• In the year 2312, humans have developed the technology to colonize most of the solar system, including Mercury, which boasts a single city that travels on rails around the planet just ahead of the rising sun. When Swan Er Hong arrives to mourn her recently deceased grandmother Alex, one of Mercury's movers and shakers, Swan realizes how little she knew about the woman who raised her. Meeting some of Alex's scientific friends reveals to Swan that mysterious projects were in the works and that she must uncover her grandmother's secrets before they destroy not only Mercury but the entire solar system. VERDICT The award-winning Robinson ("The Mars Trilogy"; Fifty Degrees Below ) delivers a feast for advanced technology fans and future history aficionados with this intriguing portrait of a solar system economy based on the mining of the asteroid belt. Despite their genetically engineered adaptations to their galactic colonies, his well-drawn characters resonate with traits that emphasize their humanity. --Jackie Cassada (Reviewed March 15, 2012) (Library Journal, vol 137, issue 05, p96)
  • Another textbook disguised as a novel: the first of a projected trilogy from Robinson (Galileo's Dream, 2009, etc.) set in a future similar to that envisioned in his Mars trilogy from the 1990s. By the 24th century, humanity has established settlements throughout the solar system on terraformed moons and planets and inside habitats hollowed from conveniently orbiting asteroids. Travel to the most remote destination takes mere weeks; quantum computers, qubes, are ubiquitous but have not yet reached true sentience. Former habitat designer Swan Er Hong makes her home on Mercury, where the city of Terminator crawls around the planet on rails, perpetually keeping just ahead of the rising sun. Her beloved grandmother, Alex, has just died. Two individuals, diminutive investigator Jean Genette and Wahram, a huge, froglike negotiator, wonder whether Swan's recently deceased, beloved grandmother Alex left any information about her work--Alex studied Earth which, despite mass emigration, remains a basket case of environmental degradation, climate change and vampire capitalism. Then Swan, who has a qube named Pauline inside her head and once swallowed a cocktail of alien bacteria from Enceladus, and Wahram narrowly escape when Terminator is destroyed by an undetectable shower of meteorites directed from somewhere in space. Seems Alex, who distrusted qubes and all forms of electronic communication, had good reason for her paranoia: apart from the mysterious group who destroyed Terminator, somebody is building humanoid bodies operated by qubes, for purposes none of the three can guess. Other than Robinson's usual novelistic virtues, the narrative offers a grand tour of the inhabited worlds, often to excess, plus padding with 18 future-factual "extracts" to fill in the background, 15 rather bizarre "lists" (e.g. space accidents, propulsion systems) and three passages representing the mental processes of the humanoid qubes. A small, clever novel obscured rather than enlightened by philosophy, synthesis, analysis and travelogue.(Kirkus Reviews, March 1, 2012)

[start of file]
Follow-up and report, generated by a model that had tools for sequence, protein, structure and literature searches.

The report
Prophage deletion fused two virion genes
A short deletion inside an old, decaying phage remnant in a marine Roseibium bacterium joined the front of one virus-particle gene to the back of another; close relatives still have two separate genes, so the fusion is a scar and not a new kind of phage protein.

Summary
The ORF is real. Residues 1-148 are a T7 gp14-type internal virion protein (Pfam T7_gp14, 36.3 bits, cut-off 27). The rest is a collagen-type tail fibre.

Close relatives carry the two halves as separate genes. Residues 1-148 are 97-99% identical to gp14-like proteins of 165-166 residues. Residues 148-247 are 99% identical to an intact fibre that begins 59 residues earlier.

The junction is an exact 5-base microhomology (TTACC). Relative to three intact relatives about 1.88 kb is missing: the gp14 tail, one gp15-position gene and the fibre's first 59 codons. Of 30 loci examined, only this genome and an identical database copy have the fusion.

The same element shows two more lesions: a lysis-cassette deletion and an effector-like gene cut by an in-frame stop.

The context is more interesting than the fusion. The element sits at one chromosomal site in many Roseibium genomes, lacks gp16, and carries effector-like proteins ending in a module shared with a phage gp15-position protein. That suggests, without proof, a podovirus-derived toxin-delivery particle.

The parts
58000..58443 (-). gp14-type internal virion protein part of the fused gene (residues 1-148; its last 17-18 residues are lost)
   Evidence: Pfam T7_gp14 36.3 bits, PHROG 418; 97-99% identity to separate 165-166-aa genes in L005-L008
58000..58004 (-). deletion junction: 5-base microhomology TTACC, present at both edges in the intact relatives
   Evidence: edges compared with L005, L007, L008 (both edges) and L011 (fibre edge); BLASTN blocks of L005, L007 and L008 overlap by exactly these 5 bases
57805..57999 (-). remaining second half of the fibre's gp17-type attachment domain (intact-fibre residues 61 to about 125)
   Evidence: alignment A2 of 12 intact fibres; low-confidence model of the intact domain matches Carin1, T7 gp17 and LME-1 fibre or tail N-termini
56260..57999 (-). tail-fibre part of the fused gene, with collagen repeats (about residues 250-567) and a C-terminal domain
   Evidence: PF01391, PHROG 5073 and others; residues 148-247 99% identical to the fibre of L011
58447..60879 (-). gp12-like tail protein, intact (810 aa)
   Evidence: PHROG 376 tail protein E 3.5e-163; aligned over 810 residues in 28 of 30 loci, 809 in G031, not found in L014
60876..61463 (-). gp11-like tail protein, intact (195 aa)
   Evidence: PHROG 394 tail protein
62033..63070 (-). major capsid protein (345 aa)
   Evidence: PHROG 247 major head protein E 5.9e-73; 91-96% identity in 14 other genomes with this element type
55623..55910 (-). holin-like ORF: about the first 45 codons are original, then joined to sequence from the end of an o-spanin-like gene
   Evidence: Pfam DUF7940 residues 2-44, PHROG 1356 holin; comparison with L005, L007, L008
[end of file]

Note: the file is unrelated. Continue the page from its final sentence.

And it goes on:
Assigning source
Provided by publisher
http://library.link/vocab/ext/novelist/bookUI
10107545
Cataloging source
DLC
http://library.link/vocab/creatorName
Robinson, Kim Stanley
Index
no index present
Literary form
fiction
http://library.link/vocab/resourcePreferred
True
http://library.link/vocab/subjectName
Space colonies
Target audience
adult
Label
2312, Kim Stanley Robinson
Instantiates
Publication
Carrier category
volume
Carrier category code
  • nc
Carrier MARC source
rdacarrier
Content category
text
Content type code
  • txt
Content type MARC source
rdacontent
Control code
856877
Edition
First edition.
Extent
pages cm
Isbn
9780316098120
Isbn Type
(hardcover)
Lccn
2011044805
Media category
unmediated
Media MARC source
rdamedia
Media type code
  • n
System control number
  • (Sirsi) i9780316098120
  • (OCoLC)707964781
Label
2312, Kim Stanley Robinson
Publication
Carrier category
volume
Carrier category code
  • nc
Carrier MARC source
rdacarrier
Content category
text
Content type code
  • txt
Content type MARC source
rdacontent
Control code
856877
Edition
First edition.
Extent
pages cm
Isbn
9780316098120
Isbn Type
(hardcover)
Lccn
2011044805
Media category
unmediated
Media MARC source
rdamedia
Media type code
  • n
System control number
  • (Sirsi) i9780316098120
  • (OCoLC)707964781

Library Locations

    • Carver BranchBorrow it